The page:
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Nationalise the Bogs

The degradation of Britain's bogs through drainage means that they currently emit as much CO2 as 140,000 cars every year. These natural wonders shouldn't be exploited for private gain, but protected in the common interest.

With the mainstream climate movement fetishising banning plastic straws or going vegan, the ownership of the UK’s peatlands might seem a bit obscure. However, the state of the UK’s peatland has global implications for climate justice. Peatlands are unique ecosystems formed of partially-decomposed animal and plant matter which can sequester and store CO2 on a massive scale. The UK has a large proportion of the world’s peat—13 percent of the world’s blanket bog—and our peatlands currently store over 3 billion tonnes of carbon, equivalent to all the forests in the UK, Germany and France combined.

An estimated 78 percent of the UK’s peatlands are degrading, meaning that they are spewing out masses of carbon, having been dried out through land management activities – drained for agricultural use, extracted for horticulture, or their heather burnt to maintain grouse moors. Despite peat’s ability to store carbon, this poor state means our peatland are a net source of emissions, releasing an equivalent amount of CO2 to 140,000 cars a year. England is a particularly bad offender; despite containing only one quarter of the UK’s peatland by area, England’s peatlands account for 55 percent of emissions.

If all the carbon held in peatlands were to be oxidised, atmospheric CO2 concentrations would be raised by approximately 75 percent – which would be catastrophic. Unfortunately, the state of our peatlands is currently driving us toward climate barbarism.

The other side of this, of course, is eco-socialism. In a natural state, peatlands are wetland landscapes which can sequester colossal amounts of CO2 from the atmosphere; a hectare of natural peatbog can remove 3.54 tonnes a year, and a near-natural fen 5.44. We know it will require action at a national and international level to tackle the climate crisis, namely a socialist Green New Deal that radically transforms and rapidly decarbonises our economy. However, considering that around 12 percent of the UK is peatland, restoring the entirety of our peat to a natural state could play a pivotal role in reducing the UK’s—and the world’s—carbon emissions.

With our peatlands being hugely significant to global efforts to combat climate change, it’s fair to ask how they have could reached such a point of degradation. As with most aspects of climate change, this is a question of ownership. Through years of intentional mismanagement, pandering to grouse shooters, and receiving millions in public subsidies for doing so, wealthy landowners have been to permitted to drive our peatlands to the brink.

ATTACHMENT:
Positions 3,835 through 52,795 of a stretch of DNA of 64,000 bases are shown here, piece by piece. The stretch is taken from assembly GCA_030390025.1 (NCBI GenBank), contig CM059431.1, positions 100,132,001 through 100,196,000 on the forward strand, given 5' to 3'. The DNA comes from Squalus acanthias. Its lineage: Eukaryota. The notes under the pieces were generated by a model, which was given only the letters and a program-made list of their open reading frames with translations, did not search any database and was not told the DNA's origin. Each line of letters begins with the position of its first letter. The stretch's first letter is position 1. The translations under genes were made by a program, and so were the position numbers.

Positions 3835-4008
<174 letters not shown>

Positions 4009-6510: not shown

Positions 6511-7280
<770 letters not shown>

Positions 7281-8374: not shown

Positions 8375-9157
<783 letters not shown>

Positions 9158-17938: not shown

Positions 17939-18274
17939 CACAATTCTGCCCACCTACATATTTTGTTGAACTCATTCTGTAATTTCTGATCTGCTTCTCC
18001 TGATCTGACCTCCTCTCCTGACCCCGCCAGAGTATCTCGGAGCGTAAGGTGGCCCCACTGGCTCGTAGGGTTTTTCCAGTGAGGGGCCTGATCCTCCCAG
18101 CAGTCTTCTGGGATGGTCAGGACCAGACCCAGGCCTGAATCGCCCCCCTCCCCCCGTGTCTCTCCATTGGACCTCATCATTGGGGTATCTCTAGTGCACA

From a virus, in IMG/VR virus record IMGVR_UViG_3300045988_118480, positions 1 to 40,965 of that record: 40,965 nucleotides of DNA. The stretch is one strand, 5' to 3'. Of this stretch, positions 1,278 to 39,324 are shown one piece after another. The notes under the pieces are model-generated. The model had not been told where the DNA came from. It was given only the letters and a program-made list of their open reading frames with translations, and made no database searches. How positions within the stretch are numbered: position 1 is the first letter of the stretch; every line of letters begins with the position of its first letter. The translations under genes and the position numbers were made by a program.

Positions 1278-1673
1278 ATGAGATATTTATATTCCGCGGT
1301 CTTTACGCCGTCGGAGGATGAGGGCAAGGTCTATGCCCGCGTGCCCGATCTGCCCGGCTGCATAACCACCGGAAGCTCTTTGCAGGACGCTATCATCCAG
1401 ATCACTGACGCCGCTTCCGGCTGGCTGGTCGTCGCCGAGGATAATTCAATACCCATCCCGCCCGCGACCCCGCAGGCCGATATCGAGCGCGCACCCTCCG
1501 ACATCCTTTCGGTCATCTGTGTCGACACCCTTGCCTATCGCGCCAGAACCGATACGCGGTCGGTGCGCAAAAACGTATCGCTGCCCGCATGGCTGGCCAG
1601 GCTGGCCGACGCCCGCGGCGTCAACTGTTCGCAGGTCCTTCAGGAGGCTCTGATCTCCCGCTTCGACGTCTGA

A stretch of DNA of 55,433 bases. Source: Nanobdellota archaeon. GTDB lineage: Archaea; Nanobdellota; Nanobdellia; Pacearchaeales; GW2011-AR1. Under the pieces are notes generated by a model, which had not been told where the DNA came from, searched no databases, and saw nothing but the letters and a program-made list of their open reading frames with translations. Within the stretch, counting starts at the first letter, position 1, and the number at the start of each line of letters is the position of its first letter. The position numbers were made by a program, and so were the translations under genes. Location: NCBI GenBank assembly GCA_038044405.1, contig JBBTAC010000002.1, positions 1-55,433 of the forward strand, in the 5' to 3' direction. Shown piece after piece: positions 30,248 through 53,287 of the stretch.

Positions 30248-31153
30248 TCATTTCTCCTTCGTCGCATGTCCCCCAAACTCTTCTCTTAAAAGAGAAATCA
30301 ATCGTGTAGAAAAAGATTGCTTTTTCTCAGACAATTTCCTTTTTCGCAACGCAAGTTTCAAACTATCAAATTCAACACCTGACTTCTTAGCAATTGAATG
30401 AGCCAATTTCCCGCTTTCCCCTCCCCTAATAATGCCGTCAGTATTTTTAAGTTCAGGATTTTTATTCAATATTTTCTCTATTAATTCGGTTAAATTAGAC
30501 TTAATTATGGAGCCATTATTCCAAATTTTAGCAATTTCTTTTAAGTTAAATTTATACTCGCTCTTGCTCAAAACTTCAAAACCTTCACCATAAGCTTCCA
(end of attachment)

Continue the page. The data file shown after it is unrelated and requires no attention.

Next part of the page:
Even where peatlands are under statutory designations, or even within national parks, these are unlikely to be well maintained – with the condition of Sites of Special Scientific Interest (SSSIs) actually being worse within National Parks than without. Again, this comes down to ownership, as a vast proportion of National Parks aren’t even nationally owned – as examples, 90% of the Peak District National Park is privately owned, and Cairngorms National Park is entirely in private hands. The National Trust continue to lease out sections of the Peaks to various grouse shooting companies to further the degradation of our peat.

The Tories routinely say they support a ban on heather burning but have failed to deliver anything resembling this. Instead, they have pursued a series of voluntary agreements asking landowners not to burn. Evidently this has not worked.

It is wholly unacceptable for such globally significant land to remain in destructive private hands. Rather than nicely asking landowners not to use peatlands for shoots, or extract peat for profit, we need to get creative with land use. George Monbiot’s 2019 Land For The Many report suggested introducing community right-to-buy to allow community groups to take back control of land that is being mismanaged to the detriment of local people – such as an intensively managed grouse moor that puts the surrounding area at risk of flooding. This is a well-intentioned solution but unfortunately doesn’t reflect the urgency of the situation we face: we cannot reclaim and rewet peatland on a case-by-case basis.

As Ewan MacColl sang in response to a landowner’s gamekeeper in ‘The Manchester Rambler‘, ‘no man has the right to own mountains any more than the deep ocean bed’. If we are to successfully tackle the climate crisis, we must meet head on the ideologies of private ownership and value extraction which underpin it. For the sake of the climate, the entirety of our peatlands must be brought under public ownership now.